ClubGonzo’s Warming Christmas

Warming Christmas by ClubGonzo, Spice/Herb/Vegetable / Mead, 9.5% ABV, 43 IBU.

This is probably one of the most experimental brews I’ve ever had. A beer with several syrups, candi sugar and oak aged mead. Wow.


ClubGonzo’s Warming Christmas, aka. batch 32.

It pours a dark amber to orange body that is slightly hazy. The head is very light brown and leaves some lacing on the glass.

The aroma is strong, sweet and lovely. Distinct notes of dark dried fruits, sweet caramel, burnt sugar, honey and an overall vinous feel.

The taste is moderate to heavy sweet with a moderate bitter long-lasting finish. It feels fairly well balanced.

The strong flavours are dominated by the dried dark fruits, but there is also spices that I didn’t pick up in the aroma, also wood. There is too much alcohol mid-palate, but it gives way for some lovely sweet honey notes in the late finish.

Is it a beer? Is it a mead? No, it's a braggot!

Is it a beer? Is it a mead? No, it’s a braggot! [edit: it turns out that this isn’t a braggot,  see comment from the brewer below]

The body is full and has a nice, creamy texture. The carbonation is moderate to soft, hints of dryness in the finish.

Conclusion: an extremely interesting and complex brew that is both tasty and drinkable. A pleasant surprise!

Aroma:      8/10
Appearance: 4/5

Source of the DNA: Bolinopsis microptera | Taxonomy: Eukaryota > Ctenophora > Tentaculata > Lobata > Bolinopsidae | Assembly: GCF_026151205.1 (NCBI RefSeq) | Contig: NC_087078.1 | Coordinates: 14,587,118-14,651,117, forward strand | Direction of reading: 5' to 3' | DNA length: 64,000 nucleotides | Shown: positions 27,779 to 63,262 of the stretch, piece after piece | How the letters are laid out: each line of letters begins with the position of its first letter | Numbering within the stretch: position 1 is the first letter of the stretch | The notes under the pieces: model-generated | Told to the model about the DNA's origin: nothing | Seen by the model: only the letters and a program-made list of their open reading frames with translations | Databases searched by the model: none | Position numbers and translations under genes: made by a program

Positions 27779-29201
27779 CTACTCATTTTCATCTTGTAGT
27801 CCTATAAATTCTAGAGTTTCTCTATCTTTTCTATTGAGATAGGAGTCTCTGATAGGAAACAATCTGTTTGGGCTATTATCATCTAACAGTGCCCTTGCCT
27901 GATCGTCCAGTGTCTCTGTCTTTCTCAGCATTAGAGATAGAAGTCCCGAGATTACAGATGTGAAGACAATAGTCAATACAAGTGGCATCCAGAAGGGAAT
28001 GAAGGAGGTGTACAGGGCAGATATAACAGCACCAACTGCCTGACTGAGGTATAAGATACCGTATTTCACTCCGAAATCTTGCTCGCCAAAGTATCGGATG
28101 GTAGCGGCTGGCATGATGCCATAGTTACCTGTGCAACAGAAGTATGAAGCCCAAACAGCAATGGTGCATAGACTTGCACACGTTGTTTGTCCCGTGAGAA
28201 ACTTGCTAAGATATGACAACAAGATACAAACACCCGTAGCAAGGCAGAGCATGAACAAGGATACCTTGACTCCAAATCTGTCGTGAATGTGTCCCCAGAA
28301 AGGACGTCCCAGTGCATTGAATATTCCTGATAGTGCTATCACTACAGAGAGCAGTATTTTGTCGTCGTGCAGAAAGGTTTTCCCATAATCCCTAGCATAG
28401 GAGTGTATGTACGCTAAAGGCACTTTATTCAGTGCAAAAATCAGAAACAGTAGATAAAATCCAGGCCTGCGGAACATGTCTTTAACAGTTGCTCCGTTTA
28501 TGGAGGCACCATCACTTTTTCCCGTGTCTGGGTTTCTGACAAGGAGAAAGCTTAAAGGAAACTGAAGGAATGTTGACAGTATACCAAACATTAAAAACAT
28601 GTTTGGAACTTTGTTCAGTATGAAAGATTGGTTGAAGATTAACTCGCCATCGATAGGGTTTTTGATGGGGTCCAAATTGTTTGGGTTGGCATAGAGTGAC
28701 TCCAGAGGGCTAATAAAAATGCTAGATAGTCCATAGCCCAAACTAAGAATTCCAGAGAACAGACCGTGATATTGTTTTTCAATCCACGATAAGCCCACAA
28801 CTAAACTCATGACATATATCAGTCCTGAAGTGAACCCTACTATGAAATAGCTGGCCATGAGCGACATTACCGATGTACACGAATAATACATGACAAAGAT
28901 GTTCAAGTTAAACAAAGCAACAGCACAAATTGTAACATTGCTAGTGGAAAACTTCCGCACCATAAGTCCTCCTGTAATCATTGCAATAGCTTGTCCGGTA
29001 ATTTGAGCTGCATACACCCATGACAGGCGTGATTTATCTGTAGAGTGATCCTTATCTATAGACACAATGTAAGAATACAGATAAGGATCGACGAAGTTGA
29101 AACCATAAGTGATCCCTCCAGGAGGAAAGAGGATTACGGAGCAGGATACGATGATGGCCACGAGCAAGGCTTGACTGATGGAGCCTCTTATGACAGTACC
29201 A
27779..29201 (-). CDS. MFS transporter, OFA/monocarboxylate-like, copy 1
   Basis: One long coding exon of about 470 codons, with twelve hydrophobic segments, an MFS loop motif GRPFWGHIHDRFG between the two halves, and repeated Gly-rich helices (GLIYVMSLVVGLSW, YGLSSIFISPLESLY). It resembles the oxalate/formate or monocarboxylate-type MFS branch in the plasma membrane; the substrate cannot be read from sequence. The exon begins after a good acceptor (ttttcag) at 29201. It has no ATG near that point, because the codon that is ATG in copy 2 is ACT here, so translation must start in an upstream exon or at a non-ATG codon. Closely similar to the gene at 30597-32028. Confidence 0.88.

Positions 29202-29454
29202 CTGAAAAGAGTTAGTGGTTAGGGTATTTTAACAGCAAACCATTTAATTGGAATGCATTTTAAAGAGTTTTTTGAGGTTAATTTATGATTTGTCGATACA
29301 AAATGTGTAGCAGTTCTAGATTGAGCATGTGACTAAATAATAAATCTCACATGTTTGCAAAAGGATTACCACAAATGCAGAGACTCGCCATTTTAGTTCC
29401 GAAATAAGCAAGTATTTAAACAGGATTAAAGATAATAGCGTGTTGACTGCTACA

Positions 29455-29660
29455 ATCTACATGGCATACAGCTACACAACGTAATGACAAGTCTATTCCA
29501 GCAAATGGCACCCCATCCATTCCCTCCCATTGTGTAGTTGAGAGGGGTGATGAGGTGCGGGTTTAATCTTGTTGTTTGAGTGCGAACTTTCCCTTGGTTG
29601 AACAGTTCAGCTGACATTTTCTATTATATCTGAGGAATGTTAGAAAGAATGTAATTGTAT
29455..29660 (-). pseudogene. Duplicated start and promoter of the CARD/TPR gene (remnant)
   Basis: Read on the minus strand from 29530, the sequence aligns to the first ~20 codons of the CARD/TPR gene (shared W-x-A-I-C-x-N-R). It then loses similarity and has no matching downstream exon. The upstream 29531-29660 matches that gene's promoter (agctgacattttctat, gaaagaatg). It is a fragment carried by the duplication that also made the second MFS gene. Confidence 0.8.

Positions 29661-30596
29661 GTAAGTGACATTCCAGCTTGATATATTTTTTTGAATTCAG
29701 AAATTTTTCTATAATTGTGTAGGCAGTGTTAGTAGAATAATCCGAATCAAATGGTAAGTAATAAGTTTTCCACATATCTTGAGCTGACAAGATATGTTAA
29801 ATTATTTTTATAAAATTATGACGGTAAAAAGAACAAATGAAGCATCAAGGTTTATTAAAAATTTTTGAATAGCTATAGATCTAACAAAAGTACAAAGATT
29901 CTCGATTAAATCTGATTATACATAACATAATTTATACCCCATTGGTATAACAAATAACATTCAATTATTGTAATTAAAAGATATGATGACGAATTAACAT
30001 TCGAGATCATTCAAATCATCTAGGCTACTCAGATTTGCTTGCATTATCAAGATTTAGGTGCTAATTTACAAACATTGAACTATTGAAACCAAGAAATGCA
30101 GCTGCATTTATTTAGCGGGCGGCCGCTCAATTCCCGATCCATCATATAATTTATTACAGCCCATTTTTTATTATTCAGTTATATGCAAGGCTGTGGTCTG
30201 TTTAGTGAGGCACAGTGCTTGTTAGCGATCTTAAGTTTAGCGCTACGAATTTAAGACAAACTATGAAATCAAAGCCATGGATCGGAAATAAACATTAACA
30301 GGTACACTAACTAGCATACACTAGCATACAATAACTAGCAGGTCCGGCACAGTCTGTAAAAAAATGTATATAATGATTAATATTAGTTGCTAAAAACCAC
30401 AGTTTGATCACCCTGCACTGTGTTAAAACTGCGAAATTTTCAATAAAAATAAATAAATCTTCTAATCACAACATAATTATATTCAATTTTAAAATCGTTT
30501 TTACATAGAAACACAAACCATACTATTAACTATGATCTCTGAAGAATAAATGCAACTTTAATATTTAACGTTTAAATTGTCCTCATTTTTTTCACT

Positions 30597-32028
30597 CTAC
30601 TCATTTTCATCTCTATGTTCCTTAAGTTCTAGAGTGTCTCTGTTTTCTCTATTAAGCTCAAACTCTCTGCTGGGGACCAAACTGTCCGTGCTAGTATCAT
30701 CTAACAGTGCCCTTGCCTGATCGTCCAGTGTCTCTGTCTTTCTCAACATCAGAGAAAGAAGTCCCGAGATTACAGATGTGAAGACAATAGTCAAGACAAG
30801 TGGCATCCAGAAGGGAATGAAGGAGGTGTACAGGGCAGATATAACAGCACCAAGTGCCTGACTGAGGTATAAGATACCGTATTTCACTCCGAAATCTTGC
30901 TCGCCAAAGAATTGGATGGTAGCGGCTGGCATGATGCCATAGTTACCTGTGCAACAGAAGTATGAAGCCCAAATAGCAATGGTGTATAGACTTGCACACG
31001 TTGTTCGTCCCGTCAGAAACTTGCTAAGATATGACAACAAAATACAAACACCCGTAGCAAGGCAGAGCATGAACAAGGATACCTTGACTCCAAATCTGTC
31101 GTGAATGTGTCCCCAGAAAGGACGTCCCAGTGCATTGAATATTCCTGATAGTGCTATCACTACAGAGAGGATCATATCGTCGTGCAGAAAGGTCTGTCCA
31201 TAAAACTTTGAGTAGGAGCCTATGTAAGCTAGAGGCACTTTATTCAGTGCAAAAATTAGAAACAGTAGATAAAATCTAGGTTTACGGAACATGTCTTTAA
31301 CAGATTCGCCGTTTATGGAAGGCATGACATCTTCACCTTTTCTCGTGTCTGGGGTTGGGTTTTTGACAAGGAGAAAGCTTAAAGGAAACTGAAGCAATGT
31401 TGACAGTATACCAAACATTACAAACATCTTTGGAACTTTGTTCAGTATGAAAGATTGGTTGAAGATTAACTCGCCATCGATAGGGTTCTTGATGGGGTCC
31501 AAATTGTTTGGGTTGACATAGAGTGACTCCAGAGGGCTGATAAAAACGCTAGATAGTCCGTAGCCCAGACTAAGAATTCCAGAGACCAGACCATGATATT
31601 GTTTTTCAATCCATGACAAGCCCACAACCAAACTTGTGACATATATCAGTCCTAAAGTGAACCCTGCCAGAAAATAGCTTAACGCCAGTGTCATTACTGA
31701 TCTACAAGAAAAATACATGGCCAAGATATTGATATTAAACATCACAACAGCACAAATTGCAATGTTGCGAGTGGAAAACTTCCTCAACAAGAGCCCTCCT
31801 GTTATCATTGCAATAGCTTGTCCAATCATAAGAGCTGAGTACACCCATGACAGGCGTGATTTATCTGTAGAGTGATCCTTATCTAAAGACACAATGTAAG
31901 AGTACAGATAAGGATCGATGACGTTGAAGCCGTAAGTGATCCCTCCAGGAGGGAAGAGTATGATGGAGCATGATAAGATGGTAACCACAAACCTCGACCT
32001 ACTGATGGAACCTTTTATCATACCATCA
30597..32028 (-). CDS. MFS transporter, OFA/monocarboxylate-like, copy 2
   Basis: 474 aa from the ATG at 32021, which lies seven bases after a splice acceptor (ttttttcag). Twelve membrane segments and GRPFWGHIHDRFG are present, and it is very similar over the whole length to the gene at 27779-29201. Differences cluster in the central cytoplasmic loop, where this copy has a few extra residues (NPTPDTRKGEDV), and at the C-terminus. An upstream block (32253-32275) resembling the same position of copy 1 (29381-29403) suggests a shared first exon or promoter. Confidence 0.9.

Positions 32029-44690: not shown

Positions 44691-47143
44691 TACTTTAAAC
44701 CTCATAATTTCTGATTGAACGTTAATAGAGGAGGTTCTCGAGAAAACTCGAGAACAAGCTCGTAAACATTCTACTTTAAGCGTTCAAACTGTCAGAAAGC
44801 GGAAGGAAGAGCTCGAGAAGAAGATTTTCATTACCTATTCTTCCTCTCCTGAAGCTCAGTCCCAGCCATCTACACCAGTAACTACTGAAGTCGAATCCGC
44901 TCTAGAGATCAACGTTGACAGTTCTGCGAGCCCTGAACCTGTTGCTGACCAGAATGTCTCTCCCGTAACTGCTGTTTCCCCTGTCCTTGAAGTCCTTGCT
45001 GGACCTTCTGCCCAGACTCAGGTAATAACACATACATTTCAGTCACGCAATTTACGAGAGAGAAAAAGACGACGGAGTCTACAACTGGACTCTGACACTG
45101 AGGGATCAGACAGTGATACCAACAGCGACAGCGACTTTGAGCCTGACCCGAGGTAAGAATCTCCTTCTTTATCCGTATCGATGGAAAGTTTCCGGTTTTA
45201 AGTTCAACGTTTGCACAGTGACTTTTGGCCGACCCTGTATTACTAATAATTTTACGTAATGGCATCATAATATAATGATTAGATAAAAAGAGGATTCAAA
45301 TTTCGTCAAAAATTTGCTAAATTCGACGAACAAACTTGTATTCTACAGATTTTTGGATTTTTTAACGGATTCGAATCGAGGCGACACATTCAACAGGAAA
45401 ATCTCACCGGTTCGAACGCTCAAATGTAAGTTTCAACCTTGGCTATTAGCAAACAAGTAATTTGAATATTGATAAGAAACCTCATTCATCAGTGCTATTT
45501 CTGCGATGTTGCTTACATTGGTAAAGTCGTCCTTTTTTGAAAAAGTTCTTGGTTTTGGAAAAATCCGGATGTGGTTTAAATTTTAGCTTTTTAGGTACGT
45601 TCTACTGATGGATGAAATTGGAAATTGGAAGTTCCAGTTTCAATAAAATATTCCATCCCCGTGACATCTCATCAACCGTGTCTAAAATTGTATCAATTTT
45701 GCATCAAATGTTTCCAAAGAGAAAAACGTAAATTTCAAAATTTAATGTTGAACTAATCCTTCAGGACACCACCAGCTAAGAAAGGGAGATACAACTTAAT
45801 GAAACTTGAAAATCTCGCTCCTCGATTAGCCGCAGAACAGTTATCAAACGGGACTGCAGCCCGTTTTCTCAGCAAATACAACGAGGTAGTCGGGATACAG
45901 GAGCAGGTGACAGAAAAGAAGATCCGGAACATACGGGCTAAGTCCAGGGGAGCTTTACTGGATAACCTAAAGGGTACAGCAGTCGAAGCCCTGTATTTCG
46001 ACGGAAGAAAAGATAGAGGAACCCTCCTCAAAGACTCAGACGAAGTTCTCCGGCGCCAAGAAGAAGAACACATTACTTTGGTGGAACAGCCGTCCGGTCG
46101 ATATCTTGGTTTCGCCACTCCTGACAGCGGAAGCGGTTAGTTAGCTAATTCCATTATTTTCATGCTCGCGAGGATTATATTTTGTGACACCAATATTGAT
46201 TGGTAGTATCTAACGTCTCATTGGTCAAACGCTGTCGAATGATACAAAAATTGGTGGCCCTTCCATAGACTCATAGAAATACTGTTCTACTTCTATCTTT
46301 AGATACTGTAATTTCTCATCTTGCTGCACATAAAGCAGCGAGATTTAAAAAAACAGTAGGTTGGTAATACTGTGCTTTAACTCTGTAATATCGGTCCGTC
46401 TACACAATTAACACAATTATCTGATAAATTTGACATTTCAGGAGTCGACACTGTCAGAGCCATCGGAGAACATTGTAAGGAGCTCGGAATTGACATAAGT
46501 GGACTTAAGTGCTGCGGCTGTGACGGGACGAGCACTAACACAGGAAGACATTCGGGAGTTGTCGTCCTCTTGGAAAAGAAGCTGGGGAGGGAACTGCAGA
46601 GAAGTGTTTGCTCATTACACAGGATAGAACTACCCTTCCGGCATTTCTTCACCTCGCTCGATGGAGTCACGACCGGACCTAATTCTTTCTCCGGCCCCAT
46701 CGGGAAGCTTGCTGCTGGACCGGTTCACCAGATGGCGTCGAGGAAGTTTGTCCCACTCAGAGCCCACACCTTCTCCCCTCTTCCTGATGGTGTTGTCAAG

Taste:      7/10
Palate:     4/5
Overall:    13/20
Ratebeer score: 3.6/5.0

One comment on “ClubGonzo’s Warming Christmas

  1. One of those “Terje-likes-my-beer-better-than-me”-cases. 😉 I found this one to be far too sugary in its flavor components; the syrups, while comprising only 10 % of the total grist, dominated far more than I wanted them too, resulting in a much drier, light-bodied and alcoholic beverage than expected. I actually added the oak aged mead just to add some complexity to the otherwise rather surprisingly straight-forward sugaryness of the brew. Oh well, there have been good feedbacks from others as well, so maybe my dismay lies primarily in the fact that I didn’t succeed in brewing the full-bodied Xmas ale with hints of syrups, as was the intention… It’s not bad per se, but I probably would have landed on 3.1-3.4 or something like that.

    Fact fixer: to call a beer “braggot”, at least 25 % of the initial grist must be honey. This one is merely a blend of mead (pre-made) and beer, and the total amount consists of far less; around 2,5 liters on a 28 liter batch. 🙂

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